The hormones & DO YOU
The hormones & DO YOU
DO YOU. The world’s greatest movement. Or is it perhaps a concept or a way of living. If it is, it must be the most revolutionising concept or the world’s most important way of living.
To take care of yourself, to “do me”, or to “do me, first” (which it also means) – instead of doing everyone else, is by far one of the most important things we can do. It gives you a feeling of self-worth, it makes us feel less lonely and it gives us a best friend for life: ourselves! I have previously written an article about all this, called “the psychology behind DO YOU”
I forgot about biology
But I forgot to mention how important DO YOU is for our biology. Humans are 98.8% identical with chimpanzees, and that is important to remember, because it reminds us that we are nothing more than sophisticated animals. We are organisms reacting to stimuli. We are controlled by our urge for surviving, which is based on our ancestors urge for surviving. And all that is controlled by hormones.
The word “hormone” is Greek and means “to wake”, which is precisely what hormones do, and this is how they can control your sleep, your appetite, and your mood, amongst many other things.
And it will get nerdy now, so hold on tight: Hormones are signalling molecules, which sends messages to different parts of our body. Hormones function therefore as a kind of chemical messengers, which are secreted from the glands of the body and are transported around in the body in the bloodstream and instructs cells to perform certain tasks. The word “hormone” is Greek and means “to wake”, which is precisely what hormones do, and this is how they can control your sleep, your appetite, and your mood, amongst many other things. If you are a woman, you might have noticed that around 9 days after the first day of your period, that you will become more extrovert, creative and productive and/or your get more sexual fantasies and a larger desire for sex. This happens because the hormone estradiol rises, which in turn makes the hormone lutropin to surge, and which then ensures that ovulation takes place around mid-cycle. Studies show that in the days leading up to ovulation, the hormones change our voice, skin tone and scent, and we generally start dressing more provocatively and we flirt more. Studies show that men react to all these subtle changes, finds us more attractive and get a larger appetite for sex. It all makes sense from an evolutionary perspective because it ensures that our chances for passing on our genes increases. Remember we are just sophisticated chimpanzees.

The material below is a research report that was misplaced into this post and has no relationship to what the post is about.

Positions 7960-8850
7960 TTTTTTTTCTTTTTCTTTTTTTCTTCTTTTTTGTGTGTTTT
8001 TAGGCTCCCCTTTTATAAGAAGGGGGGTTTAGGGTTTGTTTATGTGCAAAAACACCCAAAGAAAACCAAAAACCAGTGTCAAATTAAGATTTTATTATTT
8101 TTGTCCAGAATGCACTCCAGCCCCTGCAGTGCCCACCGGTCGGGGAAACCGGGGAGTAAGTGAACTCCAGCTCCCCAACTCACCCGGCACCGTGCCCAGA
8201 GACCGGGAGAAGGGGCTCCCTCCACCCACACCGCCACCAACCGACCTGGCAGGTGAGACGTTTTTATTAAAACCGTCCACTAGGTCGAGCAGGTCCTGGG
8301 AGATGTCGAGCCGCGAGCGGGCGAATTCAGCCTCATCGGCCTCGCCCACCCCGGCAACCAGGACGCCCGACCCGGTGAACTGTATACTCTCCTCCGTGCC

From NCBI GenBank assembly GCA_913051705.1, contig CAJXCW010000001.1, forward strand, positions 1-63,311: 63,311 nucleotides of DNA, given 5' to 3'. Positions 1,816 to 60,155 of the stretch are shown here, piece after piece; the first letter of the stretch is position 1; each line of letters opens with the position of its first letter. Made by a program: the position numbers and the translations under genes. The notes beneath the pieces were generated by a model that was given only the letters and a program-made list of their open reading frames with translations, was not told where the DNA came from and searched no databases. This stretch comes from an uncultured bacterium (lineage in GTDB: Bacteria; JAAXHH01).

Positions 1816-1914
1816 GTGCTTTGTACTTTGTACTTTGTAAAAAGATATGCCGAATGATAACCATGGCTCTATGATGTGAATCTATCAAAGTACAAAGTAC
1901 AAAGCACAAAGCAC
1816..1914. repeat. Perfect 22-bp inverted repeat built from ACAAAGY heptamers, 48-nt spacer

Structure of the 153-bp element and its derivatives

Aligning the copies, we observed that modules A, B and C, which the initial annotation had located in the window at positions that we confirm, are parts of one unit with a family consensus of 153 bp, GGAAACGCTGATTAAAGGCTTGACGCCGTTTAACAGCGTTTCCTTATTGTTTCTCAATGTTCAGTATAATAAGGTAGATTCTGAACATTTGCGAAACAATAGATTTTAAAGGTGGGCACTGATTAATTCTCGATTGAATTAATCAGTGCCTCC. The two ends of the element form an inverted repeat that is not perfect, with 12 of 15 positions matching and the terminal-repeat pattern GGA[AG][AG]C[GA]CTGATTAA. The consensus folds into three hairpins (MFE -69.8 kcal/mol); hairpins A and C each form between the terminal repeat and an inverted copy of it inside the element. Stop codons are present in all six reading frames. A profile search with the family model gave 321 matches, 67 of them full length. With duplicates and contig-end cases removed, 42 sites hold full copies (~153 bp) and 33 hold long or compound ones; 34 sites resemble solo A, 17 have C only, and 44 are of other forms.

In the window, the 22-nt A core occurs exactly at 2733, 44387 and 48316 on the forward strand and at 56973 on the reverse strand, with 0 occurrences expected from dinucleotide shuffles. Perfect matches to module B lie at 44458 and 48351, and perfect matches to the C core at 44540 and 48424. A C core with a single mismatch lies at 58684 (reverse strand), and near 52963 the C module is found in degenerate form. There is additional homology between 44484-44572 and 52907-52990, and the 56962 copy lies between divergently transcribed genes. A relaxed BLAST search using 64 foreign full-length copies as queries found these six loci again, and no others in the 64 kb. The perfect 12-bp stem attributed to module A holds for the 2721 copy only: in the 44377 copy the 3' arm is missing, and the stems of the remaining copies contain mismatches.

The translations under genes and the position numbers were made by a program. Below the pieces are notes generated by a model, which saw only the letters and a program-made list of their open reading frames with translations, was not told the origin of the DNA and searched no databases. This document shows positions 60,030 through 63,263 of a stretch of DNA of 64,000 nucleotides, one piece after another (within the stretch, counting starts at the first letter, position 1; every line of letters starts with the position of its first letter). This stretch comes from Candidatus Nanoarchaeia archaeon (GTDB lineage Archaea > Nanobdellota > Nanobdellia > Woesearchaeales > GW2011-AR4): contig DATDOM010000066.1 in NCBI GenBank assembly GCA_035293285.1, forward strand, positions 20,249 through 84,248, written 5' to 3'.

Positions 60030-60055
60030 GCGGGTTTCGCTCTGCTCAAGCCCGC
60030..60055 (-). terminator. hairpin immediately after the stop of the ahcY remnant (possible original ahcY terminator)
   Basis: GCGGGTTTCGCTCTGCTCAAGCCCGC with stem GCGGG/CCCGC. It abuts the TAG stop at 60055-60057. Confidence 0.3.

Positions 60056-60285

When we do something good for ourselves (DO YOU) we can affect our brain with 4 very powerful hormones.
What has it got to do with DO YOU?
I love the English concept DIY, which means ‘do it yourself’. And this is precisely my point: Not everyone needs medicine against stress. We don’t need to feel down, anxious and lonely. The point is that we can do it ourselves, because we have the ability to affect our hormones. When we do something good for ourselves (DO YOU) we can affect our brain with 4 very powerful hormones:
Dopamine (Reward-hormone): The hormone is secreted when we complete a task, celebrate our small victories, eat a nice meal, when we exercise, laugh, listen to music, have sex or when we take time to ourselves. Small dosages give a sense of wellbeing, larger dosages give a sense of joy and even larger dosages a feeling of happiness and fulfilment. Dopamine is also secreted from intake of cocaine and when ludomaniacs gamble, but we do not need the drugs or the high because we can active dopamine just by being good to ourselves.
Endorphins (Painkiller): Secreted when we exercise or when we have sex, when we laugh, read a good book or when we are kind to others. Endorphins are the body’s own painkillers and work similarly to morphine. It gives a sense of wellbeing, surplus and energy and can therefore be used strategically in treating depression and anxiety.
Oxytocin (Love-hormone): Secreted every time you do something good for yourself. It is secreted when you give or receive compliments, when you do cosy activities with people you care about (for example play a board game), at prolonged eye contact, when you orgasm and when touched, especially when touched at the earlobes or nipples. Because oxytocin is released by all senses of touch, it is even secreted when you stroke and caress your own arm. Oxytocin blocks the stress hormones such as cortisol and adrenalin and enhances our attachment to others (and to ourselves), as well as gives us a sense of happiness and contentment. Therefore, it makes us less anxious, stressed, and lonely, and happier and more loving.
Serotonin (Happiness-hormone): Secreted when eating protein-based food as well as oats and chocolate, and by making sure we have enough B-vitamins in our body, especially B6 and B12. It is secreted when we are exposed to sunlight, when we spend time in nature and get soil under our nails, when we meditate and when we exercise. Serotonin has a positive influence on our appetite (especially our desire for bad carbohydrates), digestion, regulation of body temperature, sleep pattern, mood, emotions (especially happiness) and memory.
By being good to ourselves, we can directly affect the chemistry of the brain, which in turn affects our emotions in a positive direction. And that is quite addictive.